Migration surged at US-Mexico border in March, data shows

Authorities caught more than 171,000 migrants trying to enter the US last month, the most in at least 15 years.

US Customs and Border Protection night video shows a smuggler dropping two Ecuadorean children on the US side of the border fence near El Paso, Texas [US Customs and Border Protection via AP]
US Customs and Border Protection night video shows a smuggler dropping two Ecuadorean children on the US side of the border fence near El Paso, Texas [US Customs and Border Protection via AP]

More than 171,000 migrants were caught trying to cross into the United States from Mexico in March, new border patrol data shows.

The number of apprehensions last month is the highest monthly total in at least 15 years and exceeds the pace of the latest surge in 2019 which peaked at 133,000 a month.

The data offers an alarming new measure of the scope of the humanitarian challenge confronting President Joe Biden at the southwest US border. Biden has eased the harsh “Remain in Mexico” asylum and family separation policies of his predecessor, former President Donald Trump.

The March total of border apprehensions, shared by US officials with the Reuters news outlet, includes about 19,000 unaccompanied migrant children and 53,000 family members travelling together, the preliminary figures show. Single adults made up roughly 99,000 of the total.

The Biden administration is struggling to find housing for unaccompanied children who have crammed border stations and processing centres for weeks.

The US government’s shelter system that houses children has been overwhelmed and the US Department of Health and Human Services (HHS) is scrambling  to open emergency shelters, including sites in convention centres in Dallas and San Diego.

Catalina Avilés, who came to the US in 2020, holds photos of her daughters who crossed the border on February 18 and were detained together for six days before the oldest was deported to Mexico. The other two remained in custody and later were sent to New York [Chuck Burton/AP Photo]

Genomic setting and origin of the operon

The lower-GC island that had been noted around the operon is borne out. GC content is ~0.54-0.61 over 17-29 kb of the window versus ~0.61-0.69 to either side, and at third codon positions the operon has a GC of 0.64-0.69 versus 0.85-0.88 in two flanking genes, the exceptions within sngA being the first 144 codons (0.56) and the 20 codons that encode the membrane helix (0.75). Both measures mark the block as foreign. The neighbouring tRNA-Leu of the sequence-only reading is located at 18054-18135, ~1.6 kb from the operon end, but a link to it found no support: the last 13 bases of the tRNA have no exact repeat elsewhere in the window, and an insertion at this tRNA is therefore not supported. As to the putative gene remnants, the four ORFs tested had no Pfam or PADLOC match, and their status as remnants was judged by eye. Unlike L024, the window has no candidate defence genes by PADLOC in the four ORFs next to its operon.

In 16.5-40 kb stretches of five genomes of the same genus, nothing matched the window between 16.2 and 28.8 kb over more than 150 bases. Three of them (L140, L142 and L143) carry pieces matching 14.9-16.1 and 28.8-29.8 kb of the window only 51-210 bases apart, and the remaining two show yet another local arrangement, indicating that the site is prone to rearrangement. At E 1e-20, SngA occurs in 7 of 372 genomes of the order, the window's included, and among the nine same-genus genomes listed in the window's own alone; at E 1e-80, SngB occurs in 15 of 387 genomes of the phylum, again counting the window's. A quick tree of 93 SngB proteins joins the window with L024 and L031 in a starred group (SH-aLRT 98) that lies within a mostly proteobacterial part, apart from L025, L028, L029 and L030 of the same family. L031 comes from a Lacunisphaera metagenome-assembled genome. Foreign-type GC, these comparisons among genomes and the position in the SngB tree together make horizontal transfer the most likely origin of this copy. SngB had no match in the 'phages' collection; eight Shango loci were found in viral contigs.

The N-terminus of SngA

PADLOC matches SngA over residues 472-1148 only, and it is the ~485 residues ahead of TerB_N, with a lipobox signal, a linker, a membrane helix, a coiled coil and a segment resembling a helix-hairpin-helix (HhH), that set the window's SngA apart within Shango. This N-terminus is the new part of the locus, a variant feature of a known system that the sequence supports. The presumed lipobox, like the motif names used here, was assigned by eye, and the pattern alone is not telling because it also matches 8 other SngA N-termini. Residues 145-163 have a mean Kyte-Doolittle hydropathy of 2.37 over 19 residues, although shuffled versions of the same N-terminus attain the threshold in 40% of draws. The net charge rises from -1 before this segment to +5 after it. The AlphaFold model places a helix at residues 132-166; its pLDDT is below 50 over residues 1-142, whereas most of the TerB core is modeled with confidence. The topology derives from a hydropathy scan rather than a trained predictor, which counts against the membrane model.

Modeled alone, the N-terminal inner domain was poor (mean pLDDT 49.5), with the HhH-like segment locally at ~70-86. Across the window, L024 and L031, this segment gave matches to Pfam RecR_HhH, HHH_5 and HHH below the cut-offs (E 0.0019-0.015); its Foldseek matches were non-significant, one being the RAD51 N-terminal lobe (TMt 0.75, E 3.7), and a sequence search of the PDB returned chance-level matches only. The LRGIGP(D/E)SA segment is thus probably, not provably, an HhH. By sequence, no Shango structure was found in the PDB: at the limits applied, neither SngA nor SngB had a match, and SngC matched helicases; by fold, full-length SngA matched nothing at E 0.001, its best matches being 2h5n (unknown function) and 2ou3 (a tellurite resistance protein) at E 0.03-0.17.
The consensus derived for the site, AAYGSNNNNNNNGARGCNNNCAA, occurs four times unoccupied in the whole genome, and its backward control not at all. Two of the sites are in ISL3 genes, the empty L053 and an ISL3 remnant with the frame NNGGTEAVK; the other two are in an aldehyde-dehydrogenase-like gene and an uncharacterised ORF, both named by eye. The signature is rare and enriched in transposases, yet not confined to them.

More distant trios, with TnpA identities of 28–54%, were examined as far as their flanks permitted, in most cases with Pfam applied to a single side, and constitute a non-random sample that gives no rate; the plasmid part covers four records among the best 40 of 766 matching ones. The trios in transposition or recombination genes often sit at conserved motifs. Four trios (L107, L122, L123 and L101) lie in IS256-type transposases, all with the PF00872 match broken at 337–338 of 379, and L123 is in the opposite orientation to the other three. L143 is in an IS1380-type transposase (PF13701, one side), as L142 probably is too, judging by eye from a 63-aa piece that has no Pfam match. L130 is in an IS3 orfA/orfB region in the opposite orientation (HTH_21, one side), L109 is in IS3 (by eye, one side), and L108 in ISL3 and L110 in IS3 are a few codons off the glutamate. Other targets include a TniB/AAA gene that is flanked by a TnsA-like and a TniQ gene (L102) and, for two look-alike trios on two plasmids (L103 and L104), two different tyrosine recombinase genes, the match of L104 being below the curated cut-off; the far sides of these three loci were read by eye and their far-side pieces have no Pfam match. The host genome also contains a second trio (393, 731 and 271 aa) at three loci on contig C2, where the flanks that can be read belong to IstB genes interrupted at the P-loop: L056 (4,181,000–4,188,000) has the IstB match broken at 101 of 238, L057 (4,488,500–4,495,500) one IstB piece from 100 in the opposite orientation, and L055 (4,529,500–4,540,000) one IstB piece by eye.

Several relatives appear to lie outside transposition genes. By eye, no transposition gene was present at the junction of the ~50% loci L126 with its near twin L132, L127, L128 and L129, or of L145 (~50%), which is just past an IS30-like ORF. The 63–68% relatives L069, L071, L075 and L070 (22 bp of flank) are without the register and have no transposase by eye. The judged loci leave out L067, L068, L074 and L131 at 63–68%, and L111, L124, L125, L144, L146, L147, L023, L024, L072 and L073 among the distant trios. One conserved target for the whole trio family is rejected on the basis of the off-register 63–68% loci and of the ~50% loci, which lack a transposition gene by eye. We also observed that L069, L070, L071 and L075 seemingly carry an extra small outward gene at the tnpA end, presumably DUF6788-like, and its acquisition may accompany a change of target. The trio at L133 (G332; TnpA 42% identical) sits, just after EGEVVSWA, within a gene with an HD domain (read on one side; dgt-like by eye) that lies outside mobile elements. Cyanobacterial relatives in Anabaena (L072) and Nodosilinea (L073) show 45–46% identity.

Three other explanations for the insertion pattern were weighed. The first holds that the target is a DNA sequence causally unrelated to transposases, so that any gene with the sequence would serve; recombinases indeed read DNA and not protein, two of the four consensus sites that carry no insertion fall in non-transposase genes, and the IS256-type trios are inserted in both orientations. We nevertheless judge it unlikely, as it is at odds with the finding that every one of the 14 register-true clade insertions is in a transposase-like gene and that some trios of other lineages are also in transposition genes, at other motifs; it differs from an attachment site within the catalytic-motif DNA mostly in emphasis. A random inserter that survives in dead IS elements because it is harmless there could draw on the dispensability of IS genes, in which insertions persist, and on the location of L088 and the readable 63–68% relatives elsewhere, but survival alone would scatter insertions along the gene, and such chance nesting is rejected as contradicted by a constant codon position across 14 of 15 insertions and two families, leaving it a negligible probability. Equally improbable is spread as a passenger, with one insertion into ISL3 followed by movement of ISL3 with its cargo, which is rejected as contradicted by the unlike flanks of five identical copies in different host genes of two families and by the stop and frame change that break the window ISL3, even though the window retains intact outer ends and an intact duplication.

The surge in migration is overwhelming the US Customs and Border Protection (CBP) service leading to as many as 1,000 people a day crossing into the US without being caught, The Washington Post newspaper reported, citing officials familiar with the data.

To ease pressure on the border patrol and its overcrowded holding facilities, authorities are releasing some migrant families without notices to appear in immigration court or sometimes without any paperwork at all.

A grainy video released on March 31 by border authorities captures the desperation of parents and children trying to get into the US. In a scene caught by a remote camera, a man drops two little girls ages three and five, from the top of a 4.3-metre fence, according to The Associated Press.

In the video, a man lowers a toddler while holding onto one arm. With the child dangling, he lets go. She lands on her feet, then falls face-first into the dirt. The smuggler does the same thing with a slightly larger child, who falls on her feet and then her bottom. Then the smuggler and another man run away into the Mexican desert, the AP reported.

The CBP has invested in remote cameras and surveillance technology that allows the agency to detect illegal crossings as they happen.

The two girls were found alert, taken to a hospital and cleared of any physical injuries. As of April 1, they remained at a border patrol temporary holding facility pending placement by HHS.

The girls’ mother is in the US and authorities are in contact with her, a CBP spokesman told the AP without providing more details.

President Biden has placed Vice President Kamala Harris in charge of the administration’s response to the surging number of migrants trying to enter the US.

Harris has called the wave of unaccompanied children crossing the US’s southern border from Mexico a “huge problem” and said it would not be solved “overnight”.

Biden has faced criticism from Republicans, who have blamed the US president for the increase in arrivals.

Source: Al Jazeera and news agencies

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